Skanska is doing a great deal to inform our clients who have large building/construction portfolio’s on why how and what they build matters in the larger climate change picture.
What we are learning and rolling out around the total carbon footprint of buildings. Many companies touch via construction of their corporate offices/campuses, data centers, distribution centers, stores, manufacturing facilities, etc. Operational carbon is something that everything seems to now have a handle on, but the embodied carbon of building all of the facilities and infrastructure to then operate within is still in its infancy in terms of understanding benchmarking and transforming. Due to the fact that our energy is 88% hydro where we are based in Seattle, and our energy code is so stringent, embodied carbon really is the black eye that hasn’t been addressed when it comes to how and what we build.
A conversation with sustainability managers about their journey in carbon accounting. Recent trends show that carbon accounting is taking a more important role in management and continuous improvement strategies. This conversation will showcase real life examples of business opportunities that have been seized and risk mitigation strategies that are being implemented by companies that calculate, reduce and disclose their carbon emissions in a world where emitting less carbon or offering products that are less carbon intense can become a key competitive advantage.
After 16 wonderful years at REI, I have started a new role as Director of Sustainability at Alaska Airlines! I’ll be leading and ensure execution Alaska’s sustainability strategy, program, goals and reporting.
Last month, Alaska Airlines published our 2017 Sustainability report and launched a new microsite, introducing four key themes: We are all about people; We fly greener; We invest for strong communities; and We make flying matter. Alaska is making progress towards our 2020 Goals, with an integrated operation, eliminating straws and investing in our fleet and our communities.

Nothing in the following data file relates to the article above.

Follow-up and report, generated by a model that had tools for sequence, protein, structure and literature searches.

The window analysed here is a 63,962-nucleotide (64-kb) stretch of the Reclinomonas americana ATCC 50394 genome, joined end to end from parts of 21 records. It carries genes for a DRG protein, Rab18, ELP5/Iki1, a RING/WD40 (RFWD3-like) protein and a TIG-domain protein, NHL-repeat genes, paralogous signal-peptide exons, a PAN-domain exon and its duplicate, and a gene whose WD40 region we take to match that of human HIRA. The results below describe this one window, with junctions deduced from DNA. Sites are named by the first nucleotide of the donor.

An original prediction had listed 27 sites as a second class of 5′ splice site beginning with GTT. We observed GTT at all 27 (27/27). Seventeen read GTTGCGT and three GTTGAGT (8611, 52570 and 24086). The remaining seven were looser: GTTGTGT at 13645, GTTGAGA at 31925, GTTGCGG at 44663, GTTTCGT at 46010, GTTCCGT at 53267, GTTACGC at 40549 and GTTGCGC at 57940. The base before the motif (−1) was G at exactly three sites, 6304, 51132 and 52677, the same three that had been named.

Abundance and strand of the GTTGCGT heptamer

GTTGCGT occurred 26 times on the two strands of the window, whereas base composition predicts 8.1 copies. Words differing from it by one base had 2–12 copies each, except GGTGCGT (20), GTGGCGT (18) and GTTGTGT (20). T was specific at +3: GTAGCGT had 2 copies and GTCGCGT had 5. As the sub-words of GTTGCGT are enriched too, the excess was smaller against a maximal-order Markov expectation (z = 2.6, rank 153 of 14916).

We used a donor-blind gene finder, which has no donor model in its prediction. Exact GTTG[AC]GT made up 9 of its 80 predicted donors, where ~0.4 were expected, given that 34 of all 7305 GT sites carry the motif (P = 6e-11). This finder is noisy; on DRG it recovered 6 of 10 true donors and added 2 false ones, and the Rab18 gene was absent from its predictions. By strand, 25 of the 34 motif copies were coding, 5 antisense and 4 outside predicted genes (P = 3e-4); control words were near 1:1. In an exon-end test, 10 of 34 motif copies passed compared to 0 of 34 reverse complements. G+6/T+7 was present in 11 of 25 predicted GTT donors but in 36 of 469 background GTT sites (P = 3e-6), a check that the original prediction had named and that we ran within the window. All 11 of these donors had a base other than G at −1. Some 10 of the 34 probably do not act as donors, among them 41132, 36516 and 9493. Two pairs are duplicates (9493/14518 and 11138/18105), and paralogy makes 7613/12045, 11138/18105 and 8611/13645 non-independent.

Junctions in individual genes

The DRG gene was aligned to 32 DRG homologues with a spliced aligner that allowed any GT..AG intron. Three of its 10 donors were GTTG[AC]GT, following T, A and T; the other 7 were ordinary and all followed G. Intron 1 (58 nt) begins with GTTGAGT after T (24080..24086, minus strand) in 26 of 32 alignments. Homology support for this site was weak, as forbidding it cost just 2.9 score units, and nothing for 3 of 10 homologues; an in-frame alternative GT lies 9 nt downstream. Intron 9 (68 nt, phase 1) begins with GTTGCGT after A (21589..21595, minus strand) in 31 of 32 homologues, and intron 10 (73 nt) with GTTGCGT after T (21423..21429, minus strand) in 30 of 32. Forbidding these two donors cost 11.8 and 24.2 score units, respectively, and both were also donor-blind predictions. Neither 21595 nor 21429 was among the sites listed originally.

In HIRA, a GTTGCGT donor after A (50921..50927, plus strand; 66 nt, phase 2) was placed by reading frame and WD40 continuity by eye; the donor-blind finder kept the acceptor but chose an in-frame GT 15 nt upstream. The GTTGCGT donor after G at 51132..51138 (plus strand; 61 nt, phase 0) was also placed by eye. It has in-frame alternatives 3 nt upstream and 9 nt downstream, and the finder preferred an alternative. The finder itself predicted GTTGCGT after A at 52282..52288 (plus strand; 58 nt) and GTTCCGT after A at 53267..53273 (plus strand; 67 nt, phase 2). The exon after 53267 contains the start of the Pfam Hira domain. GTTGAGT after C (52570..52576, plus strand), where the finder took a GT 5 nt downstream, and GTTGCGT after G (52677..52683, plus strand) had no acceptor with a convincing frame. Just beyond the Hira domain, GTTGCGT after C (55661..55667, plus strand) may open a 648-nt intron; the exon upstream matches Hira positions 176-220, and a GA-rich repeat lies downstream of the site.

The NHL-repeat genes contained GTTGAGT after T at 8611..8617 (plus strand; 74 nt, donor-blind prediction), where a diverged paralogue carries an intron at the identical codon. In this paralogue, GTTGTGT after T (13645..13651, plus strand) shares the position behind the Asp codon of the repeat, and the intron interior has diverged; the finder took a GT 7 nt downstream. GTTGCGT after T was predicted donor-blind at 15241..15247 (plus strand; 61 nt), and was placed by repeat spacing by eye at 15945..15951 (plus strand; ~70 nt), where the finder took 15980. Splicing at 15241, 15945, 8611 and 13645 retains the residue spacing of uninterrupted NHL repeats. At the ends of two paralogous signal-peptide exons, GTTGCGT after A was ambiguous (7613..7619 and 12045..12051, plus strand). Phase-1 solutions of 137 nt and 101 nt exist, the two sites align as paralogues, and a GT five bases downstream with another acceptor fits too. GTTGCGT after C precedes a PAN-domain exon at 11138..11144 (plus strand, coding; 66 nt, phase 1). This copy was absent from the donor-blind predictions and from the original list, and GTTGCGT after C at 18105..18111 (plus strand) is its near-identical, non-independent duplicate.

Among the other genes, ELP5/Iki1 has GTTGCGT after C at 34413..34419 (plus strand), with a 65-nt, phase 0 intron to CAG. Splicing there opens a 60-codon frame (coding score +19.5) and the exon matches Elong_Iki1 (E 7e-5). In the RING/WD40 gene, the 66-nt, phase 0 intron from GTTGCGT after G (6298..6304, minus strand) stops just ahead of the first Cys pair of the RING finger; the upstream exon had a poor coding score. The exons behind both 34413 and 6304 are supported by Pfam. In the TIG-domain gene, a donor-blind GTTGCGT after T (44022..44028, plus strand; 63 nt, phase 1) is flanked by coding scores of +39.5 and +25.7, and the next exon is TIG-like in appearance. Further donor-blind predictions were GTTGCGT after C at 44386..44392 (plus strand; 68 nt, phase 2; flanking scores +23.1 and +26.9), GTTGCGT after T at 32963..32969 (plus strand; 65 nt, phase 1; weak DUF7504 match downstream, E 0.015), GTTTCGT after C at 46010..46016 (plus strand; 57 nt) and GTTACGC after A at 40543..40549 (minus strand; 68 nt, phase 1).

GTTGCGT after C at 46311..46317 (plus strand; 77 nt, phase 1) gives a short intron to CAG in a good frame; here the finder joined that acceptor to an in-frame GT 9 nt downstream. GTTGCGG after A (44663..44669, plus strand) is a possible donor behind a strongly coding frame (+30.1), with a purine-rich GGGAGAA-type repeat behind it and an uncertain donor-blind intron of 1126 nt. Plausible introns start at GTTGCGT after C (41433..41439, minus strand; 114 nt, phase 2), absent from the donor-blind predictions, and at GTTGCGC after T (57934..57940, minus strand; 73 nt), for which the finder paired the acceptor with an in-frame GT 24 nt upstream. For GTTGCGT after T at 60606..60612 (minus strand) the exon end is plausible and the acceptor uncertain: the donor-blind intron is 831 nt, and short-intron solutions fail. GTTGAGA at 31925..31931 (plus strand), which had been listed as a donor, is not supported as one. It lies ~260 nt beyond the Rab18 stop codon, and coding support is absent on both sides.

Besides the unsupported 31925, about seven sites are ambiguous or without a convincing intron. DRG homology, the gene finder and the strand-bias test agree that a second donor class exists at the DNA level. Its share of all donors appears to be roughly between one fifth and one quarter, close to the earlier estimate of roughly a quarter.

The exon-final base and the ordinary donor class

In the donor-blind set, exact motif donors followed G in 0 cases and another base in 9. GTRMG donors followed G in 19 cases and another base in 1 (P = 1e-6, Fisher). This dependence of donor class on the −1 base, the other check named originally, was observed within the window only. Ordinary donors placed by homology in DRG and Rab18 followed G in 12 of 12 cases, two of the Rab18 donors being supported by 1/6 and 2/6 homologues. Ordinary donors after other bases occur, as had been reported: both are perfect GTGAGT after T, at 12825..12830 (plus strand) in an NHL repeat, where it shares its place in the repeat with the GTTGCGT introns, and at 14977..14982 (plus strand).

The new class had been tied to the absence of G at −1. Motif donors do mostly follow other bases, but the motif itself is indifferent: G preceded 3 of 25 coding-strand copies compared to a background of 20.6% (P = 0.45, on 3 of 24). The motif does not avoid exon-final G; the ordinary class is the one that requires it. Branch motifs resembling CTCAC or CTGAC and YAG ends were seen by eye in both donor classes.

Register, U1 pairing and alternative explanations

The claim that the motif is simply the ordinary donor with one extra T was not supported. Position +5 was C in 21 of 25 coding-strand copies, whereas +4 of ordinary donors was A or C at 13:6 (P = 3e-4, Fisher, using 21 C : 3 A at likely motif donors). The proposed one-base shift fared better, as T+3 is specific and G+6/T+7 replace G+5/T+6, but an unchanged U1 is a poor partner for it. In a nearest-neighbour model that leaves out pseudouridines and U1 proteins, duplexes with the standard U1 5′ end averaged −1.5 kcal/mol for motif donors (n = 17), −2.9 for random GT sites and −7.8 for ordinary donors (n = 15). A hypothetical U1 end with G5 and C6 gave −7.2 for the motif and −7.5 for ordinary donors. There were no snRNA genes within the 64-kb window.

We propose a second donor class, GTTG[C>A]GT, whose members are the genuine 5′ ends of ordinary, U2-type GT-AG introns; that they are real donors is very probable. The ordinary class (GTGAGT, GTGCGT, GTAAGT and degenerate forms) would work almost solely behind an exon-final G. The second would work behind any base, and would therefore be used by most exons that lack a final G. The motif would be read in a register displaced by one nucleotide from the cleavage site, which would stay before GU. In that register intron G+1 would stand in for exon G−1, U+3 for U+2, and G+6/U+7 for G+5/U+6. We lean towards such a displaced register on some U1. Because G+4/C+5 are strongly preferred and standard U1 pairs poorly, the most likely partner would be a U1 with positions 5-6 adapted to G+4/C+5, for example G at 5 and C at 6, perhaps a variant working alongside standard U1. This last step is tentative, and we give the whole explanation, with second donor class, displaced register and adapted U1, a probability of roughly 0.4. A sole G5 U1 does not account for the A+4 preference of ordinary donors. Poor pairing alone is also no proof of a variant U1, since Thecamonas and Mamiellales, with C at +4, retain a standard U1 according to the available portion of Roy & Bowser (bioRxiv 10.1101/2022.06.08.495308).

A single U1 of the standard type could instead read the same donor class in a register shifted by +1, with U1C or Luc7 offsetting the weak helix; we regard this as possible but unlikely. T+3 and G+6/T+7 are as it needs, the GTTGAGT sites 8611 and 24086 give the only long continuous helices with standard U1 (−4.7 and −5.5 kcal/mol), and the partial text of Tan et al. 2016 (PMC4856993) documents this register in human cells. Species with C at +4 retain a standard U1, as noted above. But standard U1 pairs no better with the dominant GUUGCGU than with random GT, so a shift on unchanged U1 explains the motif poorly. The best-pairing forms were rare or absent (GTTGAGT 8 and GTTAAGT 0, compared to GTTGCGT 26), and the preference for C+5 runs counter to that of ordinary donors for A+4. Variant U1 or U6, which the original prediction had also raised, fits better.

I couldn’t be more pleased to join a company with such a strong foundation of sustainability and values. With 85 years of operation based on the West Coast, and as a company that cares deeply about long-term success for our employees, guests, and the beautiful places we live and fly, Alaska Air is proud of our leadership in environmental and social areas but know that this work is never done.
With all this progress there is still much work yet to do. Please reach out with ideas for partnerships and collaborations, and I look forward to innovating together!
Hugh Welsh, President of DSM NA
At AstraZeneca we use our ground-breaking science to bring health to society while protecting the health of the planet. We support global progress on megatrends such as the United Nation’s global sustainable development goals (SDG). This session will review strides made in energy, water, and waste reduction with goals of zero energy and zero waste on the horizon.
Building Soil Health In Cotton Production To Maximize Environmental And Economic Value